DnA recently made a first time visit to Dubai, and went armed with preconceptions; among them: flashy Dubai imports overseas design culture; and, women in the region are oppressed by their culture and dress.
The reality of course was far more complex, and very interesting. And like designers in fast-changing cities around the world, many are looking to strike a balance between modernity and local tradition.
Evidence of this could be found at Dubai Design Week, now in its fourth year and pushing regional voices, a revival of crafts and more sustainable production.
In one of a cluster of pavilions showcasing work from around the Persian Gulf under the theme “Abwab” (doors), DnA met Ahaad Alamoudi, a designer based in Jedda, Saudi Arabia.
She lured visitors in with a haunting sound installation intended to evoke the song of the pearl divers of Saudi Arabia's past. And pearls were inspiration for milky silicon vessel as well as furniture pieces by co-creators Lina Saleh and Sana Alabdulwahed.
Exploration of heritage was a theme for Alamoudi and many other Gulf region designers at the Dubai fair.
“There's always this kind of return to -- or highlighting of -- our heritage because of so much globalization that is happening right now. Returning to these elements brings us all together and highlights who we are within the space and gives us a form of identity as well,” Alamoudi said.
Ayah Al Bitar, a Saudi furniture and product designer based in Dubai. Photo by Frances Anderton
Also at Dubai Design Week was Ayah Al Bitar, a Saudi furniture and product designer now based in Dubai after studying in New York.
Bitar’s installation consisted of chairs, benches and wall coverings all in burnt orange. The chairs were legless, essentially a seat and back on the ground, covered in recycled Springbok skin.
That is because her market is primarily in Saudi Arabia, where, “most of the culture is indoors. We don't have much to do outdoors because cities have never been designed for people to be out.”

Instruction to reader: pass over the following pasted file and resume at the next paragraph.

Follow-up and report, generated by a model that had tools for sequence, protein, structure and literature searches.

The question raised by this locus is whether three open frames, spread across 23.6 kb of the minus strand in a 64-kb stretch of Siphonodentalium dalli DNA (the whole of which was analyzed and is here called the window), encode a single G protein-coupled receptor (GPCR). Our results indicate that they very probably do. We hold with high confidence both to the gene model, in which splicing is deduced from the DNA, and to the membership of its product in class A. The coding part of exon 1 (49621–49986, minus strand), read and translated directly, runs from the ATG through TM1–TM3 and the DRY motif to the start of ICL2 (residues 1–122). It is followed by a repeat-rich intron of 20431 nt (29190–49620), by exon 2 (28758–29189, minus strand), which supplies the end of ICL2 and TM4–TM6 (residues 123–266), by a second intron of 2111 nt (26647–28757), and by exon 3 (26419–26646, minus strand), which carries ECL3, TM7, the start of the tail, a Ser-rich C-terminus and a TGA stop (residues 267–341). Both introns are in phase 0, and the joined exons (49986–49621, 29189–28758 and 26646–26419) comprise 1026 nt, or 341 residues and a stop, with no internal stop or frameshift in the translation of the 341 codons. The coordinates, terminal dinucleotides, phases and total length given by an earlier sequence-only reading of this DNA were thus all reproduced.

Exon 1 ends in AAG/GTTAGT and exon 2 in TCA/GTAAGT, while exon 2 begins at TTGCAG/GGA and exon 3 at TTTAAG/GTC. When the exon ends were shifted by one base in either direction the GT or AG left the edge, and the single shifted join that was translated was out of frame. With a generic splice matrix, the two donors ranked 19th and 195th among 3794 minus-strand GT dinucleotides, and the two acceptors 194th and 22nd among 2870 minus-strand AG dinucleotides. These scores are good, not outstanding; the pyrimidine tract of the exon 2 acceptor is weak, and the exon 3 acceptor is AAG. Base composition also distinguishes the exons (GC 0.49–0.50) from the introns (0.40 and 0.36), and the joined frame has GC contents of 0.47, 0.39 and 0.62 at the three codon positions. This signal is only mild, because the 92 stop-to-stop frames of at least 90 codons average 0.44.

As a result, she says, “everything happens inside the household. So they invest a lot in the furniture... They care so much more than any place in the world because their houses are always open to guests and people.”
However she hopes her new spin on traditional floor seating will appeal to other communities that also like to sit close to the ground: the Danish and Japanese, for example, and children.
For Muslim women like Mashael al Ali, founder of Re: Urban Studio in Dubai, covering up is a choice in the UAE, and one she makes with style (in this abaya by La Fifi). Photo by Frances Anderton
These encounters took place against a mental backdrop of the global uproar over the murder of the journalist Jamal Khashoggi in the Saudi embassy in Turkey.
But for young Saudis, the country’s king MBS, or Mohammed bin Salman, is ringing in welcome changes for young people like Bitar and Alamoudi.
Already the United Arab Emirates has pushed women to “the front force of certain things,” says Bitar, adding that in Saudi Arabia too, “the young generation is really putting their foot down and things are changing.”
When asked about Western concern at Islamic strictures about clothing, both Bitar and Alamoudi say the hijab and abaya are misrepresented as a limitation when to the wearer they bring freedom (from the male gaze, from hyper-sexualization of the body, from needing to spend hours dressing to perfection each day), as long as they have a choice.
Bitar says that “when I wear it I feel so proud that I'm wearing it because I'm not forced. So it is a beautiful traditional cultural garment. But as long as it's not forced upon us, then we do love to wear it. It's very representative of us.”
Alamoudi, the sound designer, says, “I don't wear a hijab. But within the Kingdom, within Saudi, I do cover up just as a form of respect to my traditions, to my family, but it's nothing that I feel compelled to do.”
The trip to the UAE was arranged by the nonprofit Middle East Institute and sponsored by the UAE Embassy in DC.